2019 has been a challenging year for our Diocese - a new bishop to get used to, the tragedy for Christchurch city on 15 March, ongoing effects of disaffiliations after GS 2018, our huge Cathedral Reinstatement project getting off the ground - but by 8.30 pm yesterday [first Sunday in Advent], I could reflect joyfully on some splendid end of year events and news.
Over the last ten days we have had three inductions: the Parishes of Ellesmere, Rangiora, Riccarton-Spreydon. Each filled with well-received ministers.
Yesterday morning, we were able to announce a new Vicar for the Parish of Papanui. Later in the day, at two different services I was at, parishioners from that parish expressed their excitement at the news of this announcement.
On Saturday, St Andrew's Day, I ordained three new deacons, each of whom will make a much valued contribution to ministry and mission in different parts of our Diocese.
But, wait, there is more ...
Yesterday morning I visited a Diocesan youth camp - a lively sequence of fun and sporting activities rounded off with teaching and worship - enthusiastic campers and keen young adult leaders.
And that teaching was given superbly by one of our youngest priests - a privilege of being bishop is to see our deacons and priests delivering ministry with verve, passion and excellence.
It was lovely to have Amy Page-Whiting, Senior Pastor, Cashmere New Life Church, as our preacher at yesterday's induction. Amy's presence reminded us of the work God is doing in all the churches of our city.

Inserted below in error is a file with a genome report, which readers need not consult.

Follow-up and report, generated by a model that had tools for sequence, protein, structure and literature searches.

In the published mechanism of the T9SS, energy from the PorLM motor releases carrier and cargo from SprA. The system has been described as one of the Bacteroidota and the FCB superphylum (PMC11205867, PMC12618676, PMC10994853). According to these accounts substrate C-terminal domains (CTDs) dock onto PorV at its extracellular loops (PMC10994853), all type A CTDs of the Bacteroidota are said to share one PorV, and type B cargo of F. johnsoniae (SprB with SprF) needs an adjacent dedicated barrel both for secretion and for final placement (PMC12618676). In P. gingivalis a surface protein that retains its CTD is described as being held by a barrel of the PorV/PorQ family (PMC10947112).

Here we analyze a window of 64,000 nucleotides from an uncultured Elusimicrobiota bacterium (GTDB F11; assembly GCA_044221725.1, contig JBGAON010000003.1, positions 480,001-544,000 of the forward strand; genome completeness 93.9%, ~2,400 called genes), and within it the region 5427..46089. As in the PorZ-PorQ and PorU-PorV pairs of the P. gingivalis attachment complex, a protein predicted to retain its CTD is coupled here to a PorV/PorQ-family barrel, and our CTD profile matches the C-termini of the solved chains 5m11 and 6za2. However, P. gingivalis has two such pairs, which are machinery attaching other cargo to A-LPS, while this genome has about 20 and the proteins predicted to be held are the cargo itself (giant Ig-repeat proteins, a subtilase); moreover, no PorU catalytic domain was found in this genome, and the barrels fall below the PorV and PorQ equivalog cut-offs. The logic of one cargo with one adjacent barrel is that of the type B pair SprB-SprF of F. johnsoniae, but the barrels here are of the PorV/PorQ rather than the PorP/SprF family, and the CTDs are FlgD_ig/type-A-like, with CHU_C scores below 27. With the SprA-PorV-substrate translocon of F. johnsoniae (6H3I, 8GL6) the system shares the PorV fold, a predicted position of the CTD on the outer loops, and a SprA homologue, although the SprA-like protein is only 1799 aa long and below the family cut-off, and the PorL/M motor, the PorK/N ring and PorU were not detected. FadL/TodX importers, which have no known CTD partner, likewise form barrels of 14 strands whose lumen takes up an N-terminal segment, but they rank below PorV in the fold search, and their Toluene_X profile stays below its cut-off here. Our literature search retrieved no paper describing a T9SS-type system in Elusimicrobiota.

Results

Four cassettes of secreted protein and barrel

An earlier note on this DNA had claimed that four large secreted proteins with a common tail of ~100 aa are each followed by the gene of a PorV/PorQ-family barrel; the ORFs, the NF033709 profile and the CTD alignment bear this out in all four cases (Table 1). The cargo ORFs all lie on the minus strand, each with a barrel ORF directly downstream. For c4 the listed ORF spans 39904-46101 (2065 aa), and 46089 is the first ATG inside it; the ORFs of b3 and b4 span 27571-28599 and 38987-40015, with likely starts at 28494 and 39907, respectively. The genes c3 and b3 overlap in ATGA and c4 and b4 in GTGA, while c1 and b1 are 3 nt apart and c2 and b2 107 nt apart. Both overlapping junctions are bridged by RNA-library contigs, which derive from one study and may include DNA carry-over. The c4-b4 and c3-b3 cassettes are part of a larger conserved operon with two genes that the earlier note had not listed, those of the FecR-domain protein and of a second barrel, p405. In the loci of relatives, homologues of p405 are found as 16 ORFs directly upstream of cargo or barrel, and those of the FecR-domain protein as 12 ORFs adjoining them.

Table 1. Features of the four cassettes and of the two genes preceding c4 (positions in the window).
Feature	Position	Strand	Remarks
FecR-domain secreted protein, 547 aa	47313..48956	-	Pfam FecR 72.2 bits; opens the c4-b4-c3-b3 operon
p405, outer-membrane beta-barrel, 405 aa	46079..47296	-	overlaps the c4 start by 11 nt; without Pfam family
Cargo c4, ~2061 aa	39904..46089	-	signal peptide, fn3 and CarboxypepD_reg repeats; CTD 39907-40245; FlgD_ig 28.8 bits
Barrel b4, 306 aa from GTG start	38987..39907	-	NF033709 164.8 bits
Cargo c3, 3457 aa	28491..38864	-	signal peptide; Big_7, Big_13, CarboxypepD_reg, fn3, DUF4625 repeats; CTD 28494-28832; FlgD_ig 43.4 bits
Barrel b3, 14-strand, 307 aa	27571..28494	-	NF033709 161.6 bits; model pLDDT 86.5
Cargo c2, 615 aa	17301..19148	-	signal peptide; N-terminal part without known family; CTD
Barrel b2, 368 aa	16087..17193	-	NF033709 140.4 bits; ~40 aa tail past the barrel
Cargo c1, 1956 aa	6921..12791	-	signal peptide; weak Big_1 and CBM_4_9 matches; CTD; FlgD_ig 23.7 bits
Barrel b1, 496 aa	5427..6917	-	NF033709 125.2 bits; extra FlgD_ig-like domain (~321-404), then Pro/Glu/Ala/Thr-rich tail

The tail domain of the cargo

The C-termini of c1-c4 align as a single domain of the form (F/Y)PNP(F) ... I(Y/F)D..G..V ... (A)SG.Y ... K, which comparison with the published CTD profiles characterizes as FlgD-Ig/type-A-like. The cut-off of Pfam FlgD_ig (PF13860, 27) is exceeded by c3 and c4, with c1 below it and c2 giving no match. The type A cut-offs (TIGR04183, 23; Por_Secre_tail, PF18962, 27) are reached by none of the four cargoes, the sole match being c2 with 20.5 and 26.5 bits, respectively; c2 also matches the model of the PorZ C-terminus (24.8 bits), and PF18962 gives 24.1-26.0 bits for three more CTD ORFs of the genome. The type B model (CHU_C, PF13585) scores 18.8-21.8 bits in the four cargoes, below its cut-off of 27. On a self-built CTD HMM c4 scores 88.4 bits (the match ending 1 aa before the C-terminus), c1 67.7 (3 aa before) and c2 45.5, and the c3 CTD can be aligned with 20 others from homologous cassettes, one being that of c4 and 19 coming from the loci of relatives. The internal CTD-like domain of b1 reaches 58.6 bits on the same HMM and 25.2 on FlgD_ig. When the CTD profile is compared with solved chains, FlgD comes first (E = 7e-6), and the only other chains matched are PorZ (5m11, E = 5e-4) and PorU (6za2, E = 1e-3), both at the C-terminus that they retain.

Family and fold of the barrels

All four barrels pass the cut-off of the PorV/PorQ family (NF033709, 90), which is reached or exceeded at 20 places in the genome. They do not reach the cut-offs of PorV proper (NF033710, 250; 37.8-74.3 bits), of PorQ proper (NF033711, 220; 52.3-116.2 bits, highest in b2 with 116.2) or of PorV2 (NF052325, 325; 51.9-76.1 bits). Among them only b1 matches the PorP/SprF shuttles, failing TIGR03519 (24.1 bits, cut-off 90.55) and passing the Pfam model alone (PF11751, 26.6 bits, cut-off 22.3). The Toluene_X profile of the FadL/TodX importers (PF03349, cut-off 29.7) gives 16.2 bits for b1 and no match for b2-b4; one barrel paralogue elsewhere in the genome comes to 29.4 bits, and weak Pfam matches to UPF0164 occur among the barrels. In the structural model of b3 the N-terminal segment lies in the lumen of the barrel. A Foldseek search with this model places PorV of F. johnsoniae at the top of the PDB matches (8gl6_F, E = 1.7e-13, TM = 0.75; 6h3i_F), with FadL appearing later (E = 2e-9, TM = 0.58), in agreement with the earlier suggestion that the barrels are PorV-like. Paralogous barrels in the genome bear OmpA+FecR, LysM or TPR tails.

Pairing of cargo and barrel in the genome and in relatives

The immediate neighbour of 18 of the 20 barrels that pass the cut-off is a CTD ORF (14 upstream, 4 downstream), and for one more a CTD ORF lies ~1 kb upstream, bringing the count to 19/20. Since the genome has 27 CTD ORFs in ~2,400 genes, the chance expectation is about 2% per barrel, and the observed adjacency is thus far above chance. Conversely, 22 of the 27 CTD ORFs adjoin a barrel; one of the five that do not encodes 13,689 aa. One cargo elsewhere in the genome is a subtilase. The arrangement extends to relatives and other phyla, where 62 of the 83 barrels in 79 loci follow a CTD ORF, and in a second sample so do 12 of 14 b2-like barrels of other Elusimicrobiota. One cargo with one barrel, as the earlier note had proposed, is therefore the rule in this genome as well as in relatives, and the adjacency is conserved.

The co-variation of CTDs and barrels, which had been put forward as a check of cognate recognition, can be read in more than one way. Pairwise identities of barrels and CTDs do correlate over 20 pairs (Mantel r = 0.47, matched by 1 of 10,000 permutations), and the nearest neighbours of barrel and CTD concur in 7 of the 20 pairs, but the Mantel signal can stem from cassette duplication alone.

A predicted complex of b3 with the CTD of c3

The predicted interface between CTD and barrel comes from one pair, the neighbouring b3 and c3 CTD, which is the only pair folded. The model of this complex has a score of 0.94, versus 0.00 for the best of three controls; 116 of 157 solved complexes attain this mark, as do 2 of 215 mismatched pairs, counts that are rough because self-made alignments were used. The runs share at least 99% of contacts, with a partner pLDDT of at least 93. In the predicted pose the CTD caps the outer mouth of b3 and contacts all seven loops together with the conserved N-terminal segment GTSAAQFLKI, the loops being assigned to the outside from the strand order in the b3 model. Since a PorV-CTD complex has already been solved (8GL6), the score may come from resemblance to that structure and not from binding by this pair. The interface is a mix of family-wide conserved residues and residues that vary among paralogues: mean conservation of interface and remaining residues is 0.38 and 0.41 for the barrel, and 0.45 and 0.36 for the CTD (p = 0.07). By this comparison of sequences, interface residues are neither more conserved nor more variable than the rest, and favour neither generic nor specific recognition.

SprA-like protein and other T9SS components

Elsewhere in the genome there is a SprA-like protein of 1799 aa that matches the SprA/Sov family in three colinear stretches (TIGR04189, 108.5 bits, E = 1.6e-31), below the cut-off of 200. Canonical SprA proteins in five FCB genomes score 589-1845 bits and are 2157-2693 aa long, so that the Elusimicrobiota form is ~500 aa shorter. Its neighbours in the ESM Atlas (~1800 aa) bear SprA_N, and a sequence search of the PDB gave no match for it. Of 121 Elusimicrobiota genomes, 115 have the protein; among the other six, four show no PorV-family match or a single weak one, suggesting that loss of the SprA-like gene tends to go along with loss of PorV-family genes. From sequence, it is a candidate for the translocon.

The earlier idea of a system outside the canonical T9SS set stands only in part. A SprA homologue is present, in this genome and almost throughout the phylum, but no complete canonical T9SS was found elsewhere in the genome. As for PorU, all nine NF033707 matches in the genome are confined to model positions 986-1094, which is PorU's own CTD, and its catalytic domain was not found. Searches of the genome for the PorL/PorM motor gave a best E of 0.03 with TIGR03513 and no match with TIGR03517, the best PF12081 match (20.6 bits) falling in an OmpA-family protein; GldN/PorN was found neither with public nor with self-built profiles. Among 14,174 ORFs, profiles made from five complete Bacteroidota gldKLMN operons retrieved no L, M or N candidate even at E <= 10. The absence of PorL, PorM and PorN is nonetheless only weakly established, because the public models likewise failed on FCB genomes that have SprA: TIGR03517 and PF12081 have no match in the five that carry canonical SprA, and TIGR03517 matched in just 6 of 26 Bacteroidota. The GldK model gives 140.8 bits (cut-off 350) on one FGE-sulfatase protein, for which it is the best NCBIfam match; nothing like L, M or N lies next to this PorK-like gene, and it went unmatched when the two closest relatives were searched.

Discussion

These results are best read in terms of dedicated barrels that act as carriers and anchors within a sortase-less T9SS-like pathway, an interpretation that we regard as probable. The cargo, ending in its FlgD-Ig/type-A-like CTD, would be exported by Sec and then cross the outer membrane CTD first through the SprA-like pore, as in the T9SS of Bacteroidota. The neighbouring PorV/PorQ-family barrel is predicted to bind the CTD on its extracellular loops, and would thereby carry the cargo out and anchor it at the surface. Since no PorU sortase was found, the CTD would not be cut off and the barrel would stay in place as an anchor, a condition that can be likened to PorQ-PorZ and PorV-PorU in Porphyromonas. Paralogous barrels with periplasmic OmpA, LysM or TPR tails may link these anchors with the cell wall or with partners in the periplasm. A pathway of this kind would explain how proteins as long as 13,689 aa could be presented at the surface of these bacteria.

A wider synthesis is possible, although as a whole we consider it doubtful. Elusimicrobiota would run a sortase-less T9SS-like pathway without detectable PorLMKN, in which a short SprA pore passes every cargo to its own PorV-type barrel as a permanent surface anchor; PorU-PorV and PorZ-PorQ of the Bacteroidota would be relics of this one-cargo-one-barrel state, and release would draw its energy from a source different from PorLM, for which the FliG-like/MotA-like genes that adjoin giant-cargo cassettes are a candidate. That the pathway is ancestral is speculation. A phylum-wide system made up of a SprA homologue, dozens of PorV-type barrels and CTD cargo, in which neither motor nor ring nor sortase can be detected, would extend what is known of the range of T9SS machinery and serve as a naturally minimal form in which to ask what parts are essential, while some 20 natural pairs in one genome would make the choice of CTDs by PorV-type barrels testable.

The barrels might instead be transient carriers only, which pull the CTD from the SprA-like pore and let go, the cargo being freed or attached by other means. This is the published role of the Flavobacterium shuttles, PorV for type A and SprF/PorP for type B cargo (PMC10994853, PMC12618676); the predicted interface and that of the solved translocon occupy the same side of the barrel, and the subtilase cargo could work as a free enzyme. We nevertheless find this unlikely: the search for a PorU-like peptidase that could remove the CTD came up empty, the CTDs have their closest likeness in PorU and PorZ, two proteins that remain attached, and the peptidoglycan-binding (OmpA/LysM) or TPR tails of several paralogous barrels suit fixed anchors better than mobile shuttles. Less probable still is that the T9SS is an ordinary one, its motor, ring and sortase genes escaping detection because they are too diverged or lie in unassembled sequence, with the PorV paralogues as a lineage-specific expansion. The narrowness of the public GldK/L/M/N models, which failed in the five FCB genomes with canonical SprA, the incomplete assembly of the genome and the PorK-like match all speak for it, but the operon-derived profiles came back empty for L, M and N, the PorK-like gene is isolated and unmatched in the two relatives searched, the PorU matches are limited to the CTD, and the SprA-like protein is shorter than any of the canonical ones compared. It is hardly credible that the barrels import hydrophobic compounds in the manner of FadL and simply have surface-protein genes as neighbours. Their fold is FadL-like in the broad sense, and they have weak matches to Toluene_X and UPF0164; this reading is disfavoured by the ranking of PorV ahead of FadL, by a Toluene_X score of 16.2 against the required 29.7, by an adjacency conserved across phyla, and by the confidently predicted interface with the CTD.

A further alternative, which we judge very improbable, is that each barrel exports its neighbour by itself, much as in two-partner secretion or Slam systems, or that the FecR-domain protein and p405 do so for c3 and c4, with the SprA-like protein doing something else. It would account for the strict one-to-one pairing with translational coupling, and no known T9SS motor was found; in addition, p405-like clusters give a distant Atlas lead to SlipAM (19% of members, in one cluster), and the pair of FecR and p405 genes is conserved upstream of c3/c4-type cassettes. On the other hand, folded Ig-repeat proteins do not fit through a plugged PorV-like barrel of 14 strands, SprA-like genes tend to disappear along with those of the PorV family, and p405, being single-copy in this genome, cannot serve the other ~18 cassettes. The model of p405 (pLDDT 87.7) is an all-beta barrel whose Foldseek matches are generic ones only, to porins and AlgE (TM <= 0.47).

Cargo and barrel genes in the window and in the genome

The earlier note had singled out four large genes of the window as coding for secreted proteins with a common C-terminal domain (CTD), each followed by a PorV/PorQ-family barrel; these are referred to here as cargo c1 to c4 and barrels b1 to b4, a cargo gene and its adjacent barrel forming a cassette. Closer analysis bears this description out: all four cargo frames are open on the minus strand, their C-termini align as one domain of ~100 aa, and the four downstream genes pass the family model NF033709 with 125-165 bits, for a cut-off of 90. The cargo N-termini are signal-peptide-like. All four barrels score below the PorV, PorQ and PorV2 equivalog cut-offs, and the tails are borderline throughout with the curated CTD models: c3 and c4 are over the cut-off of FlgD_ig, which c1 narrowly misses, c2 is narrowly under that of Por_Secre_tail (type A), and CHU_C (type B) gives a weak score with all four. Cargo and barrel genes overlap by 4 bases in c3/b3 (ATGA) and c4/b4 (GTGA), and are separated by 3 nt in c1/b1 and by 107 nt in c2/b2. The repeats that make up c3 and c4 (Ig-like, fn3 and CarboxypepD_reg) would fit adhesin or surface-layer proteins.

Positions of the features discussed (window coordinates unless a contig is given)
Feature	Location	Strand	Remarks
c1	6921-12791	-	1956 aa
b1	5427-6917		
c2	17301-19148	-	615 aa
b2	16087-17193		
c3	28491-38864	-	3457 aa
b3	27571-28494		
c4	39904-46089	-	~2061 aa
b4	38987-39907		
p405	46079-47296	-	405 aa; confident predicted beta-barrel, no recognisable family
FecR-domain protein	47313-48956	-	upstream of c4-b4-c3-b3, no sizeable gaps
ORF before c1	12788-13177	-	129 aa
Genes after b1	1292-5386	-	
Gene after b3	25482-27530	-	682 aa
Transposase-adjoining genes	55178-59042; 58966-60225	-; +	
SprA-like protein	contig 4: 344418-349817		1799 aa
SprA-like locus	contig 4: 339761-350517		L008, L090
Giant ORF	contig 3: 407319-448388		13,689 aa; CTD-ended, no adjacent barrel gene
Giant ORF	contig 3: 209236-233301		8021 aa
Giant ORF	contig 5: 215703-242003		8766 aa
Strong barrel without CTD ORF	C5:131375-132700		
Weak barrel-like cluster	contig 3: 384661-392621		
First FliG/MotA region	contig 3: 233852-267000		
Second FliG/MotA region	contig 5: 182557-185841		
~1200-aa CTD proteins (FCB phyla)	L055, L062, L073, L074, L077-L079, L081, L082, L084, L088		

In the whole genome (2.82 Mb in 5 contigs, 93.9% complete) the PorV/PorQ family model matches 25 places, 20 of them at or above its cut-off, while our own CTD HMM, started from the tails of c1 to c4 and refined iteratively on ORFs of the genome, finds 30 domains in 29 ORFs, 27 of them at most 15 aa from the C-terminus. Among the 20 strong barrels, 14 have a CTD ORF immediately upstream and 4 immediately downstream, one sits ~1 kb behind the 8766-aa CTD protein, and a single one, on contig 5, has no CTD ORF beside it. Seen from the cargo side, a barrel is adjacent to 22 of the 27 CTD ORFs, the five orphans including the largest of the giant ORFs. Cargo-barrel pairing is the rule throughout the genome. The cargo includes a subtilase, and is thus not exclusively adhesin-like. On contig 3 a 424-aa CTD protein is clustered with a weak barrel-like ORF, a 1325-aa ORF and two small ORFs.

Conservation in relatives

(Aside: all three inductions had female preachers. Whatever 1 Timothy 2:12 meant and means, I continue to be unable to see that it is meant to prohibit godly, trained female preachers from expounding God's Word in God's church.)
Then, a further observation: some conversations recently, including after the ordinations on Saturday, reminded me that even in a secular country such as NZ, where the church and its ministries are public, done well, and connecting with people, we remain a force of influence and impact in our society.
So, I feel, all in all, that 2019 is ending well for us as a Diocese. Thanks be to God.
2020 will have its own challenges ... one of which is that the lovely anecdotes above do not by themselves shift the "data" of decline in Christianity in this country. There is work to be done!